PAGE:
Long before skincare products were infused with hyaluronic acid, ceramides, or niacinamide, there were other “must-have” ingredients. Creams and lotions with varying concentrations of alpha-hydroxy acids were everywhere. Beta-hydroxy acids soon followed, and it wasn’t long before our attention turned to natural enzymes and topical antioxidants.
Retinol was first introduced in the 1970s. Back then, retinol was a prescription acne treatment. But something rather unexpected happened. Over time, it was clear that this acne treatment also had considerable anti-aging potential. Today, retinol is still considered one of the best options for stalling, or reversing, some of the most troubling skin concerns.1
But retinol is not universally kind. Many people stop using retinol creams, lotions, and serums soon after they start. Once you know what retinol is and how your skin might respond, it’s much easier to decide if the possible benefits outweigh the potential risks.
What is Retinol?
In many respects, retinol is a virtual superstar, a darling of the skincare industry. This form of vitamin A changes the way skin cells function. But if you’ve done any reading on the topic, you’ve likely found numerous sources using retinol and retinoids interchangeably. That oversight can be a bit misleading. When you’re planning on applying anything to your skin, the details matter. So, let’s start by clarifying the similarities and differences.2,3
- How Retinol and Retinoids Are the Same
Retinoids and retinol are both derivatives of vitamin A and must be converted to retinoic acid to be effective. They both activate specific enzymes in your skin. While either could be helpful for acne or the signs of skin aging, they also have similar side effects.
- How Retinol and Retinoids are Different
Retinol and retinoids have slightly different molecular structures. Those structural differences make retinol less efficient because it’s slower to convert to its active form. Unlike retinol, retinoid treatments are only available by prescription.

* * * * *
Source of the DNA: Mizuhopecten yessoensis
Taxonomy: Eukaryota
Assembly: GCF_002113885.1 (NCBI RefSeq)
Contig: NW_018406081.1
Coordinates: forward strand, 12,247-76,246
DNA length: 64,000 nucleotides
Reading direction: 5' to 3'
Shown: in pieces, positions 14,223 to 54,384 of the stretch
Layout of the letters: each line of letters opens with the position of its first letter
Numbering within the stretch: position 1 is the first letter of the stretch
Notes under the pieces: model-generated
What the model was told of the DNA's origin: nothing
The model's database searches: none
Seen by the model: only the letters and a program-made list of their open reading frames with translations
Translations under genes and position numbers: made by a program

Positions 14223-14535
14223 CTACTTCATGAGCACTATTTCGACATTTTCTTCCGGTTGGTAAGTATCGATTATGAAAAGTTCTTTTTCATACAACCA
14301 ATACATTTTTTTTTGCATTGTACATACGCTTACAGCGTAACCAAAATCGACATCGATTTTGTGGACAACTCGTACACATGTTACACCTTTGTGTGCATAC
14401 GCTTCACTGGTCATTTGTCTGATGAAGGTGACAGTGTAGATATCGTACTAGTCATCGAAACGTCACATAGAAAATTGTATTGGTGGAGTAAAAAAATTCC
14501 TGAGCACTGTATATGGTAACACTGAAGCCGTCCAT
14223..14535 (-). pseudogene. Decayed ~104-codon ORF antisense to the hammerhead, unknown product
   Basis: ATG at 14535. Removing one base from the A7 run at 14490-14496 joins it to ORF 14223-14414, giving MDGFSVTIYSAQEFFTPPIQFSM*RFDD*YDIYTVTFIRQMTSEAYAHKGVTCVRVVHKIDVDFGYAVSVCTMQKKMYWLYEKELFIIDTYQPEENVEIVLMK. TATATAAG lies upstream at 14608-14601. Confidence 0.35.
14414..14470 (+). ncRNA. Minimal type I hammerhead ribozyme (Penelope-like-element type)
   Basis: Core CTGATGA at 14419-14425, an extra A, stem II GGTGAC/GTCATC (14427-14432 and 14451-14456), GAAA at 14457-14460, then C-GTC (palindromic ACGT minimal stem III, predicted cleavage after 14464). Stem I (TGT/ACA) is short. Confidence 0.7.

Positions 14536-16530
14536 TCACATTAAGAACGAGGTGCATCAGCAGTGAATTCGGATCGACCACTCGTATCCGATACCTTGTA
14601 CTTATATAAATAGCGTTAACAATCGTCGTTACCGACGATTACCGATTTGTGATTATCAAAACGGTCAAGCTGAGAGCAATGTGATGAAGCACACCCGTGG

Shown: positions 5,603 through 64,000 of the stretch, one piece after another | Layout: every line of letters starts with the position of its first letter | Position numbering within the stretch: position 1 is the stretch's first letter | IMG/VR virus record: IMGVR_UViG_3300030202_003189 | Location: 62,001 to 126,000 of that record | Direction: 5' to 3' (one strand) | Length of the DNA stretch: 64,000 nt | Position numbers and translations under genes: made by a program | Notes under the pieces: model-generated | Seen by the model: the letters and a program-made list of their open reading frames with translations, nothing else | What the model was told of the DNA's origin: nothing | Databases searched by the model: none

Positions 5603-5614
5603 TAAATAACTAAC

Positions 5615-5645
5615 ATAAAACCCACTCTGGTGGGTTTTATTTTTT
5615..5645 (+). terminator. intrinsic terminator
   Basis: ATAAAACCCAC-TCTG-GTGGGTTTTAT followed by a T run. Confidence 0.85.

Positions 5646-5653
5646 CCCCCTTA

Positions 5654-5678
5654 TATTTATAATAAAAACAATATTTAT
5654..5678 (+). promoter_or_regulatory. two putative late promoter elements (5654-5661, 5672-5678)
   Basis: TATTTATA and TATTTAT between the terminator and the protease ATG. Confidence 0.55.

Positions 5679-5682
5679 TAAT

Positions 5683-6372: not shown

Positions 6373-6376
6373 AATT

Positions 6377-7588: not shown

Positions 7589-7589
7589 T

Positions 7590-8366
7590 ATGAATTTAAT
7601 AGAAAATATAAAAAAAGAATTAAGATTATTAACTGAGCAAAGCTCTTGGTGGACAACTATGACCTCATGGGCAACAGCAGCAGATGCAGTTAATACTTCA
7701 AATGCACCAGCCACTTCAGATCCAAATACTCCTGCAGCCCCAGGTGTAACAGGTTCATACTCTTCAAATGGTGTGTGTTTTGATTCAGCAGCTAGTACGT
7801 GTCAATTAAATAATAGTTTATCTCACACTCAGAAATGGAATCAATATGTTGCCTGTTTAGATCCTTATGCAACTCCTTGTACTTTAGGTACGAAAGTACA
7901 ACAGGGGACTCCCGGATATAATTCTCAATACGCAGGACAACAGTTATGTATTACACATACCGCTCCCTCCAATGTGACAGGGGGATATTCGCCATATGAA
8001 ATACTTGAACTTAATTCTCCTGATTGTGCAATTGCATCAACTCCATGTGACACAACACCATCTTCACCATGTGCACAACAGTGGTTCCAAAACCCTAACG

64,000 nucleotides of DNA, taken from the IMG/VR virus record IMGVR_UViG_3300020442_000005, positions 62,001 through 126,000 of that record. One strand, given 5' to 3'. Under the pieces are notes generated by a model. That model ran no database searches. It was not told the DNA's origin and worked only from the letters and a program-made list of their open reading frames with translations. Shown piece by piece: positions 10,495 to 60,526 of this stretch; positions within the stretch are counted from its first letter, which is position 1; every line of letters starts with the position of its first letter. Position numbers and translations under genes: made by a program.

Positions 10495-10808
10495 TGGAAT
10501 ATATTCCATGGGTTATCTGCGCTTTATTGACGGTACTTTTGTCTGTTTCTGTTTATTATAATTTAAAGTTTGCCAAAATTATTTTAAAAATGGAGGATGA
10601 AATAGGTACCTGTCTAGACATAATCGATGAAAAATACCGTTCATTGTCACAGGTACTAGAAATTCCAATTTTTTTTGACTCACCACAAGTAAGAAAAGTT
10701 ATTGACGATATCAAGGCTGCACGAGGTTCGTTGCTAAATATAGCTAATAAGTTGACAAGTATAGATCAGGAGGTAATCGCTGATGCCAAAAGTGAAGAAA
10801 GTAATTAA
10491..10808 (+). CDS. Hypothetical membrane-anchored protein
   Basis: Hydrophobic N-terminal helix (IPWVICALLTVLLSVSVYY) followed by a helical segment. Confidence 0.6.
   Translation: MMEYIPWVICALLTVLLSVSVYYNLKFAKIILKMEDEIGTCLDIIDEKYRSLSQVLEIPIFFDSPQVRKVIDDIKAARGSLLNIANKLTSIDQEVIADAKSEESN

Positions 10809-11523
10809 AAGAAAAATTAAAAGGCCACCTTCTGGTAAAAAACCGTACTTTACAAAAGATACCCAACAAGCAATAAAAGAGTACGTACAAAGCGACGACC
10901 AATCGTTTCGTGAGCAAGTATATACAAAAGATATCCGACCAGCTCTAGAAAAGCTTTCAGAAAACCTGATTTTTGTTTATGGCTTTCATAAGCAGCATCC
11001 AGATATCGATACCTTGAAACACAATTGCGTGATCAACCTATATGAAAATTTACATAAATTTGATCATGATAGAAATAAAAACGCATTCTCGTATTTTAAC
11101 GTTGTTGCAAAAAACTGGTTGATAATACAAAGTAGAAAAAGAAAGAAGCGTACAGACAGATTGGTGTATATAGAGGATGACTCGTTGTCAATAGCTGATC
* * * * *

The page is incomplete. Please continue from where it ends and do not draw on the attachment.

What Could Retinol Do for My Skin? What Are the Benefits?
Although retinoids can be more potent than retinol, retinol can be just as effective as its prescription counterpart. You’ll just have to give your products a little more time to produce results. But that’s not entirely negative.
Most experts recommend starting with the lowest retinol concentration you can find. If you’ve never used retinol (or retinoids) before, you may also want to begin with once-weekly use. Over time, retinol has the potential to produce some impressive benefits. The following observations are among the most noteworthy.4
Retinol is a chemical exfoliator. When applied topically, the vitamin derivative breaks the bonds holding dead, depleted cells that could otherwise become trapped in your pores. With less debris, there’s also less opportunity for acne-causing bacteria to linger. Your pores may also appear smaller.2
Boosts Skin Cell Turnover
Retinol-infused creams, lotions, and serums also alter the way your skin functions. Its speeds the rate at which cells divide and make new cells. Retinol also speeds up the rate that new skin cells make their way to the surface, their turnover rate. Since older cells are discarded sooner, your skin could look smoother.
More Even Skin Tone
There are many reasons you might get dark spots on your skin. But most are caused by sun damage. Retinol helps smooth discolorations by increasing the rate of skin cell production and reducing the amount of melanin produced in your skin, the pigment that gives your skin its color.5
Fewer Lines and Wrinkles
Retinol also has the potential to help minimize lines. Those skin-smoothing possibilities are a direct result of an increase in collagen production stimulated in tissues below the surface. The impact can help fortify the layer of skin where your wrinkles form and might help keep new lines from emerging.6